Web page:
|follow up on kaletra
Oct 17, 2003
Thanks for your informative response. I am tolerating kaletra pretty well (now on 4th week) but still worried about fat problems. Also worried that if i use it now i may not be able to use it later as one doc on here says he uses it for salvage. my doc pointed ti study of how kaletra worked for 5 years w/o resistance in naive patients like me. Anyhow, so many doctors on here have said this regiment and the switch off is not what they would do. My doctor, however, said that many docs here in San Diego do it.
Im at a loss. If I did switch to the non-nuke, when could/should I? Now, or after a few months whn VL goes down ? Will it make it more likely I will gain resistance to kaletra later? Thanks for any help ypu can give! Kevin
Response from Dr. Moyle
Just because other doctors in the neighbourhood are doing something doesn't mean it's right! In medicine the most sensible way to practice is to follow evidence provided from randomised controlled clinical trials, research projects which compares a new way of treatment to an established 'standard of care'. Through this type of research based practice we can move the way which we treat HIV forward in a slow and steady manner checking and rechecking that what we are doing represents the best approach. It is certainly true that there are data showing that the combination of d4T plus 3TC plus Kaletra has been effective in a group of people starting treatment over a number of years of follow-up. However, the original study which now has around five years of follow-up included no comparison group. The study with around three years of follow-up used a comparator of nelfinavir, an unboosted PI which has been inferior to a number of other drugs, most notably the NNRTI efavirenz. There are several other combinations where long-term follow-up over many years has also been reported. That doesn't necessarily mean that those combinations are the best choice for right now. For example, there is long-term efficacy demonstrated over five years for the combination of AZT plus 3 TC plus indinavir however, we know this combination was subsequently proven to the inferior to AZT plus 3 TC plus efavirenz. Long-term follow-up from that comparative study showed that efavirenz based therapy could also provide durable viral suppression.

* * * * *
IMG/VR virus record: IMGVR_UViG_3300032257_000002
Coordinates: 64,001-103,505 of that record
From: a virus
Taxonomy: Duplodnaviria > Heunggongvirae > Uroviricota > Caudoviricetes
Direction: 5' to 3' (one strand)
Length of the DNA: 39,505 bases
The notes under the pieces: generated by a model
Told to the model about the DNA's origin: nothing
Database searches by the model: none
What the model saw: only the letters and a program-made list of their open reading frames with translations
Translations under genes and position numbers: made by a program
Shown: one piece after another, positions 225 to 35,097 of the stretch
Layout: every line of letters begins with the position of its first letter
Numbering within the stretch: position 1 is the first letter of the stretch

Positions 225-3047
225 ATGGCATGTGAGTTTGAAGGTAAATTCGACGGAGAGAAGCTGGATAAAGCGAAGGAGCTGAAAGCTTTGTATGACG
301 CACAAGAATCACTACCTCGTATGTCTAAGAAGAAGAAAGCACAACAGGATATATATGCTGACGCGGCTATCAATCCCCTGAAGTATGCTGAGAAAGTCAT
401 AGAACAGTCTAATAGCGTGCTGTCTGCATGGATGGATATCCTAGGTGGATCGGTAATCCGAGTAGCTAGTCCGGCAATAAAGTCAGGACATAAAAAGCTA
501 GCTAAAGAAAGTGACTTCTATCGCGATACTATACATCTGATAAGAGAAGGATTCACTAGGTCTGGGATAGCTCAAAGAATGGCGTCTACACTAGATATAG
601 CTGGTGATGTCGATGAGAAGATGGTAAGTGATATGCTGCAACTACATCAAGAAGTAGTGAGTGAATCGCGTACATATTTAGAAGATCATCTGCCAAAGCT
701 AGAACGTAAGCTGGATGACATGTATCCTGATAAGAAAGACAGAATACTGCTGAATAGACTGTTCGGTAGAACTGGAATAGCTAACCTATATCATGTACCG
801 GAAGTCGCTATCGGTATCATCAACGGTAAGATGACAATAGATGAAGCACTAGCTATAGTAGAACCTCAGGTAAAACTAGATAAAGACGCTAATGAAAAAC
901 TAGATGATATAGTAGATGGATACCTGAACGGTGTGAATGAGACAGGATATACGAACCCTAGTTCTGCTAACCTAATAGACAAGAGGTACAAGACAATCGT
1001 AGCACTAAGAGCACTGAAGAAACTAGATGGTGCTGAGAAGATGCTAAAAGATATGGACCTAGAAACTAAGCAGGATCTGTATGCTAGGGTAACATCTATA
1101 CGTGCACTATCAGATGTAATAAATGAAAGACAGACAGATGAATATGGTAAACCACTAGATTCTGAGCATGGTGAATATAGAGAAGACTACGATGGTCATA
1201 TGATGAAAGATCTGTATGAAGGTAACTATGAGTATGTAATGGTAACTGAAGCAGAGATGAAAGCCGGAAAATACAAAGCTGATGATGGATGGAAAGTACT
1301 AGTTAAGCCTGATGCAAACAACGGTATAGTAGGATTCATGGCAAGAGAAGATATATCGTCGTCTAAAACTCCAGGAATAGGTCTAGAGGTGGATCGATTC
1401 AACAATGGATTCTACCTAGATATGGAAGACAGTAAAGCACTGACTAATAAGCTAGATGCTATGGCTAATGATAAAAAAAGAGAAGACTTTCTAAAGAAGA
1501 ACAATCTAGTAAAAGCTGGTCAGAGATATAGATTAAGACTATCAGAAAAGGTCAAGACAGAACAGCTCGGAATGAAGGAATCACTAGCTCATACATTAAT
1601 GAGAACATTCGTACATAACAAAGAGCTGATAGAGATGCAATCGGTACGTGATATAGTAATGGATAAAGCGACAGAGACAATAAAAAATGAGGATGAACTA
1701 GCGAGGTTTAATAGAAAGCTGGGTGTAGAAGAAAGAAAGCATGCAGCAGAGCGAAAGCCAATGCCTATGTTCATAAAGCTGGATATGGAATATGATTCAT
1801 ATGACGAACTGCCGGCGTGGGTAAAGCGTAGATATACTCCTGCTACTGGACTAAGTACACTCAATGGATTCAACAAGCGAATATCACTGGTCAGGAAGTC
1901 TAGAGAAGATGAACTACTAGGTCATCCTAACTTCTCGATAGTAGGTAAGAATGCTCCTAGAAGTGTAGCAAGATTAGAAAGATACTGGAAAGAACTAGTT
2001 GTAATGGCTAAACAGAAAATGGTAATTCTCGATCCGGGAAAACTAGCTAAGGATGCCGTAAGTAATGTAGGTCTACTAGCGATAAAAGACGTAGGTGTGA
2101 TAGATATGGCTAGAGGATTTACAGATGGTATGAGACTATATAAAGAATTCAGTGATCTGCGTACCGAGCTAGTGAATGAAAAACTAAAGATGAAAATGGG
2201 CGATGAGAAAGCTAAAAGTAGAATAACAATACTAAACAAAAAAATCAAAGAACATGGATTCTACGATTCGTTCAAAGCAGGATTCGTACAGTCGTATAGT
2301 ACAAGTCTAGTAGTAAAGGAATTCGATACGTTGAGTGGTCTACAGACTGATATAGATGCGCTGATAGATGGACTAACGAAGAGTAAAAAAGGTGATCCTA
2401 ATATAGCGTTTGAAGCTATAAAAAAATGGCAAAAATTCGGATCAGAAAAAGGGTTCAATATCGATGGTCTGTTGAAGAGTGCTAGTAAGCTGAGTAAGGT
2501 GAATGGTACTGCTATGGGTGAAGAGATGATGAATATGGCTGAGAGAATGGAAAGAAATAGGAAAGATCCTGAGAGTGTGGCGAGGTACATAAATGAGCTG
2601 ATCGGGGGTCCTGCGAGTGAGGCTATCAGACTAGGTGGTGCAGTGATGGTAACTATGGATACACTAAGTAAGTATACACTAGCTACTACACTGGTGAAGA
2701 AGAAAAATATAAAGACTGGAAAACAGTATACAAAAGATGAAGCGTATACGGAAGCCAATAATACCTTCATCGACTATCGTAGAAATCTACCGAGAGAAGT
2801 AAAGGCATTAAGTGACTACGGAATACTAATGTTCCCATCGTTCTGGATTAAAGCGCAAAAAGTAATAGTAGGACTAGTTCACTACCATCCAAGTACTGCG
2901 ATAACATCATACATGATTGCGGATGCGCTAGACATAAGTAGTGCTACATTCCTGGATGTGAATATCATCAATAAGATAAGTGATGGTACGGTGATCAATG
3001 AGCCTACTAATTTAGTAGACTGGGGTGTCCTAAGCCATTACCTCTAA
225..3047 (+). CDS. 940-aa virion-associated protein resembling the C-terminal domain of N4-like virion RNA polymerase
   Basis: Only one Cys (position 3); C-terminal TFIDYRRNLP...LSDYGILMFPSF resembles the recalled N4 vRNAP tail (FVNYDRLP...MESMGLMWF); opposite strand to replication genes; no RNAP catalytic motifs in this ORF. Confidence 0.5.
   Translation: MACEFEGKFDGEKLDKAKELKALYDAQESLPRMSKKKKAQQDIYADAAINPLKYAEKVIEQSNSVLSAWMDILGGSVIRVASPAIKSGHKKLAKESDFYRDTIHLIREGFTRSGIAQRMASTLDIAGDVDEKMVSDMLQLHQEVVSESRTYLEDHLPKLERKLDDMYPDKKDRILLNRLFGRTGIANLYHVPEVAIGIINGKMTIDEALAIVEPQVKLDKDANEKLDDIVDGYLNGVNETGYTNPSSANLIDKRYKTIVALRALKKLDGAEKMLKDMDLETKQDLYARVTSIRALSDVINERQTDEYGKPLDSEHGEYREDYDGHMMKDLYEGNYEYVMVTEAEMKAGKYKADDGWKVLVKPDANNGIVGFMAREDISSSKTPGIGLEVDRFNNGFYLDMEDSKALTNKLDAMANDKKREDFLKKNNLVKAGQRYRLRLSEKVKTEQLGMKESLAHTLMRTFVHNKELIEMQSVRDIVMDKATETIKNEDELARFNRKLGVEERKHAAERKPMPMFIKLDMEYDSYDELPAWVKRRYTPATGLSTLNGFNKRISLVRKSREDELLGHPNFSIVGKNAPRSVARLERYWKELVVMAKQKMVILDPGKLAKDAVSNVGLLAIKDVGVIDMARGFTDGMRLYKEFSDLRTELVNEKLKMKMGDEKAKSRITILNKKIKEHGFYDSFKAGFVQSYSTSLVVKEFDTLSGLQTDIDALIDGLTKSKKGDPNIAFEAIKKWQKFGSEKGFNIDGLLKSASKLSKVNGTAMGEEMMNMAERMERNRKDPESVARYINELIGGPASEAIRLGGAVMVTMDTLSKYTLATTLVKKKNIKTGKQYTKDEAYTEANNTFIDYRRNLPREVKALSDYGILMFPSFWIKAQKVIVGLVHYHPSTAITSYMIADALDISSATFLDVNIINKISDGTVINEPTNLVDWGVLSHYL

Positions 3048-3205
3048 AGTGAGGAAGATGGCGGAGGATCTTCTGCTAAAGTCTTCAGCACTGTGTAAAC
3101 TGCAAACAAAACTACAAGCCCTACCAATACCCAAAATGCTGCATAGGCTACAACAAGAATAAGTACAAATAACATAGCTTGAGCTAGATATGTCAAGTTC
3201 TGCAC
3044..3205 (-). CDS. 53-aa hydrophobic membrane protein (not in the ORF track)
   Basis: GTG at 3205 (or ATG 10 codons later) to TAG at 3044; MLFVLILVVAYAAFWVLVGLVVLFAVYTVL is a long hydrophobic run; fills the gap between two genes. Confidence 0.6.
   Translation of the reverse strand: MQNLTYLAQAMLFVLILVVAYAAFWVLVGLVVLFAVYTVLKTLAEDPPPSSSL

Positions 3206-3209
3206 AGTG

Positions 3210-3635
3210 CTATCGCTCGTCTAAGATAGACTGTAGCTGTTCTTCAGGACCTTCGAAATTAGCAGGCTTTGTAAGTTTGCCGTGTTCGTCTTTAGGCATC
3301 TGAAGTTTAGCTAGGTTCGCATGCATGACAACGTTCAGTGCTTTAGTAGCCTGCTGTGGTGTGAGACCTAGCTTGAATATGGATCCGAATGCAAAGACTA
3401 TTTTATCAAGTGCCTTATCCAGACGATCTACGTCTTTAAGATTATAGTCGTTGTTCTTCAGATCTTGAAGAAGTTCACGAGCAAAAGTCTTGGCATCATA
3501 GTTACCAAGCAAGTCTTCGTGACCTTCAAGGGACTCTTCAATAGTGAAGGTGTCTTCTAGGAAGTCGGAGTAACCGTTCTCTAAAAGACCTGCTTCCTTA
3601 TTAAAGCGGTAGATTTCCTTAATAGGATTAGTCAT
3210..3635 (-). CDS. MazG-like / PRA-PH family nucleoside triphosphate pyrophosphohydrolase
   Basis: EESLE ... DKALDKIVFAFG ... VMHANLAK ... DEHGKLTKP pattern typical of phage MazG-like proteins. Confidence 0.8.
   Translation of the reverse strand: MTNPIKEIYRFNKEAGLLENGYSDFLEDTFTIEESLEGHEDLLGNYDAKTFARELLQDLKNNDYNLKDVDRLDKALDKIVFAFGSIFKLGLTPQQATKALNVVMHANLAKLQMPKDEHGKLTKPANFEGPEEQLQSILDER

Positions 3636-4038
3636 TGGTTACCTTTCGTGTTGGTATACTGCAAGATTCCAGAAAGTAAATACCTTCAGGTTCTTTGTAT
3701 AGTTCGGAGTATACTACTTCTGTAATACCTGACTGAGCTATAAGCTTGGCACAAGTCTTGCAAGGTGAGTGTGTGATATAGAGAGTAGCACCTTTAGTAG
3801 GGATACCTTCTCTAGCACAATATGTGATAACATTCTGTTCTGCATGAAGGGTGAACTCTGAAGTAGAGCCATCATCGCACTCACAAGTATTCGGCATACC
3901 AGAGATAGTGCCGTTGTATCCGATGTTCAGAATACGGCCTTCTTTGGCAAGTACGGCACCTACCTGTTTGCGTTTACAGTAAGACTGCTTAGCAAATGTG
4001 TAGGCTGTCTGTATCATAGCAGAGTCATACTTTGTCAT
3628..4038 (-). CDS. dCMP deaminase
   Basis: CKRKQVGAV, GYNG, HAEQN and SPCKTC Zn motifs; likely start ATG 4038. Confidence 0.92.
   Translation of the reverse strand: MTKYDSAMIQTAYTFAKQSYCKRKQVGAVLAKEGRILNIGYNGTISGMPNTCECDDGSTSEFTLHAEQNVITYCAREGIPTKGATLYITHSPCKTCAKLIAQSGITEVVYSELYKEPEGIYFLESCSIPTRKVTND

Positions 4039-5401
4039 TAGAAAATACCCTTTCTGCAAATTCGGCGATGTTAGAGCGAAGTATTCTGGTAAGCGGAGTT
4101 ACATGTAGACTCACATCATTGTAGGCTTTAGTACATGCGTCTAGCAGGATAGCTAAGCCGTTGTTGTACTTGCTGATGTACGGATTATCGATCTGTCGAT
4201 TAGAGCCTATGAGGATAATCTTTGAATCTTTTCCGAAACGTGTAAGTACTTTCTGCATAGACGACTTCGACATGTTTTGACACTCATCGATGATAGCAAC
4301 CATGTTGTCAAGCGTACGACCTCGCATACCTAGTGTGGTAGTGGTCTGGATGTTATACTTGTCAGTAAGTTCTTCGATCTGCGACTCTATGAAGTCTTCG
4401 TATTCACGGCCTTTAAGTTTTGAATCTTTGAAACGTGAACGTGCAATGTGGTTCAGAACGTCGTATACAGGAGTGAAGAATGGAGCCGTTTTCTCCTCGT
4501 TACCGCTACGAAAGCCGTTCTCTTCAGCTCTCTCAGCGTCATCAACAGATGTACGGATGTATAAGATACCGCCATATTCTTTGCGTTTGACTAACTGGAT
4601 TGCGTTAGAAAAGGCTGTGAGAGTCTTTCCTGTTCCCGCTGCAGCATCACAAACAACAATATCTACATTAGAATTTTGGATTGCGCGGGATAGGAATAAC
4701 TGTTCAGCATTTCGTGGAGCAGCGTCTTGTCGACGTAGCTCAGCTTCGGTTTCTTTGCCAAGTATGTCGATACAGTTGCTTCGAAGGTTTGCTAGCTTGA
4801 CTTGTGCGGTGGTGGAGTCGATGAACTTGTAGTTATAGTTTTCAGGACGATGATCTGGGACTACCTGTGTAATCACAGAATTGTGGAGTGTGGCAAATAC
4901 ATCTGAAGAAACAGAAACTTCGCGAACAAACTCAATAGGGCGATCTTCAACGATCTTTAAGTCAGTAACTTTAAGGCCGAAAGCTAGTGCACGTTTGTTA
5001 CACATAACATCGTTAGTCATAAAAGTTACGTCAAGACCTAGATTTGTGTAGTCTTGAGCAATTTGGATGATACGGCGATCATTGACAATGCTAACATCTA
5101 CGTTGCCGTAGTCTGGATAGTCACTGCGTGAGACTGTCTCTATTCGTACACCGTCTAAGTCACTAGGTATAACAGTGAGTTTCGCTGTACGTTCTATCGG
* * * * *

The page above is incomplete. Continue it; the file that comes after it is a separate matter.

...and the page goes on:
Now that you are committed down the Kaletra pathway and are tolerating drug well it is difficult to say what to do. My preference is always to act in a preventative way but also in a cautious way. Available evidence would say that it is safe to switch to an alternative agent such as in the NNRTI when the viral load is undetectable on two occasions a month apart. It may be now worth waiting until you have accumulated this type of a response before making a shift.
I hope this helps
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